“Yes, at the age of twelve, well, that is something most unusual.” “Oh,” said Alfonso rather softly, almost to himself. “I suppose you have other sleeping skills?” asked the man. He took a step closer. Alfonso shivered and took a step back. “Don’t be alarmed,” said the man softly. “My name is Kiril. I am a stranger to this area, but rest assured, I mean you no harm. I have nothing but admiration for your sleeping skills. What else can you do?” “I don’t know,” stammered Alfonso. “But I really must be going.” “Indeed,” replied the man. Neither he nor Alfonso moved. “Just out of curiosity,” the man asked, “are you a green thumb? Isn’t that the phrase in your country? A skilled gardener?” “Sir, I’m not sure what you mean,” replied Alfonso. “And I really must—” “Please,” interrupted the man again, “let us converse as friends. What I mean to say is this: are you interested in plants? Unusual ones? And have you grown any plants in your sleep? That would be most interesting.” Alfonso said nothing.
“Hmm,” said Kiril. “You should know that I am a passionate collector of unusual plants. Such specimens interest me — and they interest my father as well.” “Your father?” inquired Alfonso. “Who’s that?” “Let’s save that discussion for a later time,” said Kiril. He smiled. “For now, let us talk — as friends — about the plant that you may have grown in your sleep. Such specimens are of considerable interest to me and I am willing to pay handsomely, though, I should warn you, I will be forced to pay you in gold bars. My resources are vast. You and your family — your mother is Judy, yes? — will never need to work again.” Alfonso stared at Kiril, who was now standing so close that Alfonso could feel the heat of Kiril’s foggy breath.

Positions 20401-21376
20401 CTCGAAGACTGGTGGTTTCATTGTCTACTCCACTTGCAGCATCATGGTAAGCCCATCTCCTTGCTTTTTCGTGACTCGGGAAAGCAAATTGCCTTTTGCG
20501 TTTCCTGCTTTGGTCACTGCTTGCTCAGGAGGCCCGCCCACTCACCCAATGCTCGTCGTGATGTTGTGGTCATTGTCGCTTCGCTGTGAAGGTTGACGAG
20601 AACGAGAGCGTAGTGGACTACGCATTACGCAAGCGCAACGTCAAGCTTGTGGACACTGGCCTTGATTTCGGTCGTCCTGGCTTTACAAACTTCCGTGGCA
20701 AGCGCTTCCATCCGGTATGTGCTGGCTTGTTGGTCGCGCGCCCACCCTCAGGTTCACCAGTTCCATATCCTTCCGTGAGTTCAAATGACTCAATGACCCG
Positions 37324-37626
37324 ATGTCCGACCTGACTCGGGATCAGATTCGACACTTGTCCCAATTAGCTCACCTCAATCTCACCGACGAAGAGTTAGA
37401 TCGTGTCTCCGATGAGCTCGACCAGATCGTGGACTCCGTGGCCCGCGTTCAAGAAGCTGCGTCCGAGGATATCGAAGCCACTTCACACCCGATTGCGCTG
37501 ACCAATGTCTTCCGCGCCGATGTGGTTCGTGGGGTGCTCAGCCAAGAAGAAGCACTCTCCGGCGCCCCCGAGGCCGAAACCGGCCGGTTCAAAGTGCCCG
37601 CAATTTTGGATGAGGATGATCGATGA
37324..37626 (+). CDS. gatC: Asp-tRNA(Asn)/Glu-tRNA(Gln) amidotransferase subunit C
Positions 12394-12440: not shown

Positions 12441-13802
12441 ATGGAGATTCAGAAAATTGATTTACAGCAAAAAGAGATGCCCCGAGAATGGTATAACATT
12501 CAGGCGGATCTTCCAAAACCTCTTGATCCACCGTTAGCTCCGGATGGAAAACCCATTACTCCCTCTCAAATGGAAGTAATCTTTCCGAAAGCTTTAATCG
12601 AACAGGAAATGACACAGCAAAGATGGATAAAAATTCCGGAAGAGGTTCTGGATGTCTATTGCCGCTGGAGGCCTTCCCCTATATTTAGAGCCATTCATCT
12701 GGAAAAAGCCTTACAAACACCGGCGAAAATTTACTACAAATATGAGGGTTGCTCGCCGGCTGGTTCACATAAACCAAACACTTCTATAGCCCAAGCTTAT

Kiril smiled again. “You have such a plant, don’t you?” “No,” said Alfonso. “I never bother with plants or flowers when I’m asleep.” The wind howled through the Forest of the Obitteroos. Snow fell from the tree branches and pattered thickly onto the ground. Kiril nodded. “Well,” he said, “I did my best to help you and to give you a fair deal. Be careful. Someone far less trustworthy than I may soon come knocking on your door.” Kiril looked as if he were about to say something else, but at that very moment, the wind gusted violently and lifted Kiril’s wide-brimmed hat from his head. Alfonso gasped and an icy tingle of fear crept up his spine. The gust of wind had revealed Kiril’s eyes: they were large, vacant, and entirely white. Alfonso stumbled backwards, snatched up his cross-country skis, and ran off in a terrified sprint. In his haste and fear, he never once turned around to see if he was being followed.